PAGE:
Gather reinforcements who can help.

Speak with friends and neighbors about the problem. Have cottage meetings.

Start a petition with other like-minded parents and raise awareness.

Run for office and replace the bad actors or find others who are like-minded and willing to do it.

Write letters to the editor.

Homeschool or private school and stop financially supporting any institution that indoctrinates children (including universities). Or dual enroll ( to homeschool for the indoctrinating classes while attending school for the others. Homeschooling has come a LONG way over the last 50 years. There are excellent materials that make the job a lot easier and there are plenty of groups for kids to associate with and socialize. They can still participate at local school events with their friends too. For some excellent videos on getting started and being inspired, check out:

There are many great private schools available that shun Common Core and are freedom oriented. Ask around and find one.

Start a private school. Here’s a workshop discussing how:


9) FAQ

What guidance is the state office giving schools and teachers? Know this so you can inform teachers as well.

“Am I the only one complaining?”
Almost certainly not. This is a common tactic to isolate parents who are voicing their concerns. Some years ago after one particular incident in Alpine School District, I encouraged people to complain to the district. That week, three people contacted me and said the same district administrator had told all of them they were the only one to complain about the issue. Obviously he was lying to them in an effort to minimize their concerns and make them feel alone and weak.

“If I opt my kids out, do they still have to do the practice tests? I have a teacher telling my son too bad.” And: “The teacher is telling my child they will have to do a lot of extra work during the test we opted out of. Is that legal?”
No. Read the state laws here:

More Proof Utah’s Governor(s) are All About the Money

With permission I am publishing this Facebook post by Dr. Gary Thompson, one of my two favorite Utah doctors… :)
I received this letter last week from a political insider who worked during the Utah-Herbert/Cox Administration. I waited several days to do a background check on the writer before making this public. He/She checked out.
If you want to know why the Cox Administration will never meet with me, and quite frankly, why they are more than likely figuring out a nasty way to destroy my name and honor? Read on:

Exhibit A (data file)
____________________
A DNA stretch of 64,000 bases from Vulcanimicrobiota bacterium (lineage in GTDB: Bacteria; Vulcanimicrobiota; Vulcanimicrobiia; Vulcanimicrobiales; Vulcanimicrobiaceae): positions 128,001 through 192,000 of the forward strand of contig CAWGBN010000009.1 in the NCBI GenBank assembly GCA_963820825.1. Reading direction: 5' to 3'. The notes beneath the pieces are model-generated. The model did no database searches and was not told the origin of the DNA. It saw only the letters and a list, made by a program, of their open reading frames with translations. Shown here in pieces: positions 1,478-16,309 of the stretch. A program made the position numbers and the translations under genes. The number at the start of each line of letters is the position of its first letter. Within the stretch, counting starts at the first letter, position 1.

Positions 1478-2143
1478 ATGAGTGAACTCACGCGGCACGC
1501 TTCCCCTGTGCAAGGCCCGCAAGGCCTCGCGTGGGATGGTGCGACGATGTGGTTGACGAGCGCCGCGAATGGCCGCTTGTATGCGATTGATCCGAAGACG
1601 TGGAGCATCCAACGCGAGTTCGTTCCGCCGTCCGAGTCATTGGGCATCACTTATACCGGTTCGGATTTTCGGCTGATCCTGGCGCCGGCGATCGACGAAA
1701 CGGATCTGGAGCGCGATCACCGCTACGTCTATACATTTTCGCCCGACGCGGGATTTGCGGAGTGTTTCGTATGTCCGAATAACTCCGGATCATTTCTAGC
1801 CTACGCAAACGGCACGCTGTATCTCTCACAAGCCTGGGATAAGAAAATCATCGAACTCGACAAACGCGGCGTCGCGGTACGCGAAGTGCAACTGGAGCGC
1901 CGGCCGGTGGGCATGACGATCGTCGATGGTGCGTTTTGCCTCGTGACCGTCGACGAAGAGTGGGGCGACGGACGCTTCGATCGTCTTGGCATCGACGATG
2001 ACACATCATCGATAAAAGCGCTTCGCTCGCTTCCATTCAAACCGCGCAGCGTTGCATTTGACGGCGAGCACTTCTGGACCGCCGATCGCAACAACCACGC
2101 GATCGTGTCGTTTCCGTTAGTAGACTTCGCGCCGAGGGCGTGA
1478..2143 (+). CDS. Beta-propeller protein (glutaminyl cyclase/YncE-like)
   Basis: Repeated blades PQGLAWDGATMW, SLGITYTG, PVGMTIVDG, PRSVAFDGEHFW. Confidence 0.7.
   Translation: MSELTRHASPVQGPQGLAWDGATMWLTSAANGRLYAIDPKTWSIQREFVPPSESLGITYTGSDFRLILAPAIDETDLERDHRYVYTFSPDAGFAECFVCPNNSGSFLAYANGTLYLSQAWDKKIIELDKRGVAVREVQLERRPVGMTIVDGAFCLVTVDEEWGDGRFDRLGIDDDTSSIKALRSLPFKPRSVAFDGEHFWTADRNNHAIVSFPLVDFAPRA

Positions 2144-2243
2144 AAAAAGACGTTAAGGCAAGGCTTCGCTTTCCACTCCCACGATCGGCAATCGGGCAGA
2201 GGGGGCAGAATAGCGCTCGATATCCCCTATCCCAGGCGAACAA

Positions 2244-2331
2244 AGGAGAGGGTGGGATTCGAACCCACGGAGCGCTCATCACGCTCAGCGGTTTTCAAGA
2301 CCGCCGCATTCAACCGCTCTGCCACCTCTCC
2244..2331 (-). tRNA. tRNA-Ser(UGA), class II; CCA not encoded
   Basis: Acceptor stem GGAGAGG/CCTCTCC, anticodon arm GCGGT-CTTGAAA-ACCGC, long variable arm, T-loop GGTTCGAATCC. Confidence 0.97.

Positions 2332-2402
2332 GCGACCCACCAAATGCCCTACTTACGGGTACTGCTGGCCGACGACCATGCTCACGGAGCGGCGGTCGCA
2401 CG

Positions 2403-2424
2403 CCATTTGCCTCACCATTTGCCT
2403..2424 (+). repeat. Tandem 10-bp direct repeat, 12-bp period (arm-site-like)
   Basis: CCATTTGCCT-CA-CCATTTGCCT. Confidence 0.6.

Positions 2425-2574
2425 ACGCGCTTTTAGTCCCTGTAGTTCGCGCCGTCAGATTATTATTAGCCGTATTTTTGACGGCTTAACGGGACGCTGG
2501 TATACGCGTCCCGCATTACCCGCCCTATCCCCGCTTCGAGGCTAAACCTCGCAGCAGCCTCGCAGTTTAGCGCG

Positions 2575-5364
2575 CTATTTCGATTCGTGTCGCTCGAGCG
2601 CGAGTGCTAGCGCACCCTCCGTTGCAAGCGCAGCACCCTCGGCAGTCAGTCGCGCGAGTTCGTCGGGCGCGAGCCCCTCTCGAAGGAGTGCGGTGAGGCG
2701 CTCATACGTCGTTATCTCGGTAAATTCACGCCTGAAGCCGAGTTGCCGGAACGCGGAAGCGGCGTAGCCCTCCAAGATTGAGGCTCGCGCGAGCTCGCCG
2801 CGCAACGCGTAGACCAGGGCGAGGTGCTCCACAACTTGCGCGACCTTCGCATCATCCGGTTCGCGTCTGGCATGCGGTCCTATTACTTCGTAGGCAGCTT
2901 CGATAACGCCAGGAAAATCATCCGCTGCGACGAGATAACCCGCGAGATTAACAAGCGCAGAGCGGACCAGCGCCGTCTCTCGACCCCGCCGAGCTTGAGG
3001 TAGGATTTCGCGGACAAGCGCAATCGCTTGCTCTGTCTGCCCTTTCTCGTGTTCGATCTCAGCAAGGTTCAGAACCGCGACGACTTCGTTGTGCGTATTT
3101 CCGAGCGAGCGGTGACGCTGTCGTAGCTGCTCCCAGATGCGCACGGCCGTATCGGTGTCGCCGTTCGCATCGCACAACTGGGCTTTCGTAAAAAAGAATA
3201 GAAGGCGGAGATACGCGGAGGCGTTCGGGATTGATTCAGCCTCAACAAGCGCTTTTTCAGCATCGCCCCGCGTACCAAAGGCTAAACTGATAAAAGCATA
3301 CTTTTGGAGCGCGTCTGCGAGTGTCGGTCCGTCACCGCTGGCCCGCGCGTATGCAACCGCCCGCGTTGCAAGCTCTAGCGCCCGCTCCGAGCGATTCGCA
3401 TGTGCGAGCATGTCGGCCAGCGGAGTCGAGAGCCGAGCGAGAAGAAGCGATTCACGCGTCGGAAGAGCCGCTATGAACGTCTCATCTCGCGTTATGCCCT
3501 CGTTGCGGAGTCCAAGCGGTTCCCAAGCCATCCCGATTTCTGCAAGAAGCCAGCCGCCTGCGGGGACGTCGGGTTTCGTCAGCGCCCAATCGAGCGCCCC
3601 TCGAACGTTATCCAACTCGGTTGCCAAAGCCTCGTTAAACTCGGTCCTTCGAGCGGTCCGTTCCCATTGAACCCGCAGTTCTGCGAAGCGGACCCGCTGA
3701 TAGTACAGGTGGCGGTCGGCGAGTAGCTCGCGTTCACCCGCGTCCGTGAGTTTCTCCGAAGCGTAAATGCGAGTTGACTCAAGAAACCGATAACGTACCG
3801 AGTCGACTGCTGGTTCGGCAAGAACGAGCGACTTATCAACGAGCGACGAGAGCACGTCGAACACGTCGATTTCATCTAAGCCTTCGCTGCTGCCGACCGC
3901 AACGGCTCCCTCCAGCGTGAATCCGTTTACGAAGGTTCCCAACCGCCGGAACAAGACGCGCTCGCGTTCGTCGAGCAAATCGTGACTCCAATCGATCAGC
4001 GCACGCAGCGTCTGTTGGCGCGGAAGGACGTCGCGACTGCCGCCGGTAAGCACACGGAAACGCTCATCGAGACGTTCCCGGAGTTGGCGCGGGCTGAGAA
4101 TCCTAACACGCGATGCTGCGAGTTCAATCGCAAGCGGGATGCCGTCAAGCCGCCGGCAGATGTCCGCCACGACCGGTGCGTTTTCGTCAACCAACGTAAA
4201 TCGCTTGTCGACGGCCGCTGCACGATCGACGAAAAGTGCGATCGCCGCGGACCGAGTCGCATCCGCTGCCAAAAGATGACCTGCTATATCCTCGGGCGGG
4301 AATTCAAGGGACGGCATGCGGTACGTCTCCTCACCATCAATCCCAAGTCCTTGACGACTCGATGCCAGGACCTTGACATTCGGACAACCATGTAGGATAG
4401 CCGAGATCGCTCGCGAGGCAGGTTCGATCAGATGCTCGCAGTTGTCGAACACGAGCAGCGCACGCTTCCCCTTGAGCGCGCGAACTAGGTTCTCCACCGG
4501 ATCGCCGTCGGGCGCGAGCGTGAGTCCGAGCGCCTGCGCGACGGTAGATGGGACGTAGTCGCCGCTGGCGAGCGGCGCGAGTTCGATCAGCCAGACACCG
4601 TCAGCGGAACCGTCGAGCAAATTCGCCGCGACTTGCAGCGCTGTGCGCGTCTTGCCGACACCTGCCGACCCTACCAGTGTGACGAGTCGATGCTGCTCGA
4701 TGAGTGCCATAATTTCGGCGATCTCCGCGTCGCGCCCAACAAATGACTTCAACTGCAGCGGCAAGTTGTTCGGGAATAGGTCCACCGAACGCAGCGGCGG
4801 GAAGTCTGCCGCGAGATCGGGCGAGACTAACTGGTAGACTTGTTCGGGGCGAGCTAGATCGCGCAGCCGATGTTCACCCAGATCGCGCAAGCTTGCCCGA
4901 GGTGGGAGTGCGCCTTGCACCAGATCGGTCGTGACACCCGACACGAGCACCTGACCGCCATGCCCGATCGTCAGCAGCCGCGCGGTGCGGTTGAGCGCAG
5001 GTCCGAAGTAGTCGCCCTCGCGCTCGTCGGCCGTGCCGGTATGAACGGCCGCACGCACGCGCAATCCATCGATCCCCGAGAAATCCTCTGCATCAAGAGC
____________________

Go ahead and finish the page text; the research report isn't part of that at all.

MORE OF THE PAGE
Doctor Thompson:
“Gary, you do not know me personally. I worked through__________and contacts on the UDOE, mainly ____________back in 2014-16, to try to stop the State’s work in digitizing children and creating electronic figure-prints, and using the data commercially. It was an epic failure.”
“You scared the hell out of the establishment. I suspect Gov. Herbert admin was especially concerned over the potential for you exposing them, and how they circumvented the intent of parental rights and stripped away all local control”
“And you would have exposed how they altered the legal language, so they could digitize minors for profit, while making parents responsible as the primary for exposing them, all while stripping parents of all editorial control over the classroom. You would have shown how digitizing minors completely ignored all the science behind the principle of “do no harm” .”
“And how it was never about improving educational outcomes. It was about them gaining power and the State profiting. In a word, you would have exposed the lie. And they knew you would.”
“What you may not know, is your battle exposed enough of their design as to prevent them from carrying it out in full. And it provided parents a way to take it back without having to fight the beast….”
Here is my [Gary’s] open response to the Cox Administration:
Dear Cox Administration:
I don’t want to fight you, expose you, or have ANY involvement with politics. I do not wish to be on TV, made famous by Tucker Carlson or any media talking head. I do not want to write a book, or receive monies from speaking engagements…..
All I want is to hang out with my beautiful wife and six kids, and to assist her with her efforts of providing trauma level services to the area of the State with the highest youth suicide rate in the country, and to raise my kids via the values passed on by several generations of African Americans in my family system.
Critical Race “Theory” goes directly against those values, and have a strong statistical possibility of harming both my marriage and my biracial children.
5 years ago I promised to “go away” quietly from the public spot light IF your future policies did not directly negatively affect my wife or kids.
I kept mine…but it appears to be that you may be under the direct influence of the Union, BLM, and other woke, left leaning entities which are championing CRT….thus it appears that you are thinking about breaking your promise.
I hope you have the fortitude to stop this harmful garbage in its tracks during the special legislative session coming next month. If not? You will leave me no choice but to come out like a bat out of hell to fight this on both a local and national level.
I won’t come out of this as a “winner”, but I do know this much: Neither will you.
I am more than willing to be “canceled” and shamed fighting for family my against CRT……are you willing to risk your political career and good name over this garbage?